Unique Architectures Built on Chiral Polycarbodiimides
Siriwardane, Dumindika Aththanayake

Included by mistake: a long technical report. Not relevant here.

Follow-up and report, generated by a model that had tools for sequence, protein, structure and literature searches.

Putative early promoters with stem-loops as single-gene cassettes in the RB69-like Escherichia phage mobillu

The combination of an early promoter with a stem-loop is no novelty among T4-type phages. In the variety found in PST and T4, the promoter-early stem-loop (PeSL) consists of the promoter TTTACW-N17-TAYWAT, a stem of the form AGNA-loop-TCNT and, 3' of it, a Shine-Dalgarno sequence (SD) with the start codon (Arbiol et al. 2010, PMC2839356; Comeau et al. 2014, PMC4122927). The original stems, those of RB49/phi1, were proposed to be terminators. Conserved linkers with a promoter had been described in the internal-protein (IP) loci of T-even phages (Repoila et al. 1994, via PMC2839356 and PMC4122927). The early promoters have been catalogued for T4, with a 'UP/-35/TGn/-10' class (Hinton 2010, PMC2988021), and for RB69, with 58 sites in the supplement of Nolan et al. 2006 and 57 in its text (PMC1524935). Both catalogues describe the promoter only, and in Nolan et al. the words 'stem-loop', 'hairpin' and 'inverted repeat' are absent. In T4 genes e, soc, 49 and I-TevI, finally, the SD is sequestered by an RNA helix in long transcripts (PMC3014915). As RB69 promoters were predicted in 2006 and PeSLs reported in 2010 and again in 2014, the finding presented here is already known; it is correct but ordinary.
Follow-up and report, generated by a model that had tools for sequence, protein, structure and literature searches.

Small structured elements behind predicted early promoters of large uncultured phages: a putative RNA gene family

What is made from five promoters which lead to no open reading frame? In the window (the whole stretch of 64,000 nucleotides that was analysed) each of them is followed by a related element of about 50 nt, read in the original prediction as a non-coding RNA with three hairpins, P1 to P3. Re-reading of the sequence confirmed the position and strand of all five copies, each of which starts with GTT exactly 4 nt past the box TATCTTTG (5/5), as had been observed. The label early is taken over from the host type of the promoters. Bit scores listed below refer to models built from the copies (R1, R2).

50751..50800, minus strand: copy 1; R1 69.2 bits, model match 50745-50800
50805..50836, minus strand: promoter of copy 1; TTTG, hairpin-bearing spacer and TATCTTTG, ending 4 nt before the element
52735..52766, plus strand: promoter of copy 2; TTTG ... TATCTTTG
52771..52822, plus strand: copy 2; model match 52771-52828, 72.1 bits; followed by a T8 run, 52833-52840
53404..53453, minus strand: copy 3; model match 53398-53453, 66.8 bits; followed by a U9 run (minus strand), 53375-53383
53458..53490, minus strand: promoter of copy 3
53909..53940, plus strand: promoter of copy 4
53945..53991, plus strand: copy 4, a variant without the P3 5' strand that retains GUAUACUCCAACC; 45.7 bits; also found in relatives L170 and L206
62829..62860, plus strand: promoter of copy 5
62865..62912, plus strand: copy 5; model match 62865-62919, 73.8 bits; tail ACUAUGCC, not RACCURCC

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The helix is a very fascinating and unique macrostructure that can be found in biological systems, as well as, throughout nature. The ability to transfer this basic structure into synthetic architecture will offer many advantages for the development of chiral scaffolds important in novel applications. These discoveries include chiral sensing materials, liquid crystalline materials, and amphiphilic block-copolymers for drug delivery applications, to name a few. Therefore, it is important to enhance the synthesis strategy to improve structural control by accessing greater chemical diversity and versatile functionality for these polycarbodiimide systems. Chapter one introduces the basic synthetic routes for ureas, carbodiimide monomers, polymers and strategies utilized for screw sense polymerization to achieve control chiral architectures. It also presents a comprehensive review of the most recent developments in post-polymerization modifications, properties of polycarbodiimides and their potential applications in the material sciences and bio-medical field. Chapter two illustrates the synthesis of novel Ni(II) initiators for screw sense polymerization of chiral monomers and it explained Ni(II) mediated “living” polymerization used in the synthesis of multi-arm star polymers. This star and its linear analogs have been used to conduct kinetic of polymerization and solvent tunable self-assembly behavior studies. Chapter three describes the unusual observation made years ago, that a particular chiral polymer (predominantly P or M helices) synthesized by using chiral BINOL-Ti(IV) catalysts which show specific racemization behavior when heated. This behavior was unique in more than 150 different carbodiimides we have polymerized to date. We postulated that it was due to stereocomplexation formed via racemization between two opposite helical sense. Different characterization techniques and molecular models were employed to investigate this particular observation. By enhancing helical, polycarbodiimide architectures, chapter four introduces the synthesis of hairy polymers which showed micellization in an aqueous medium. These types of amphiphilic graft co-polymers can be utilized in drug delivery applications. The synthesis and optical switching behavior of UV and thermo responsive polycarbodiimides have been illustrated in chapter five. Properties of the polymer were altered through the isomerization behavior, such as its topology and liquid crystallinity. The synthesis of various chiral designs build upon polycarbodiimide helical frameworks are also included to pursue possible future projects.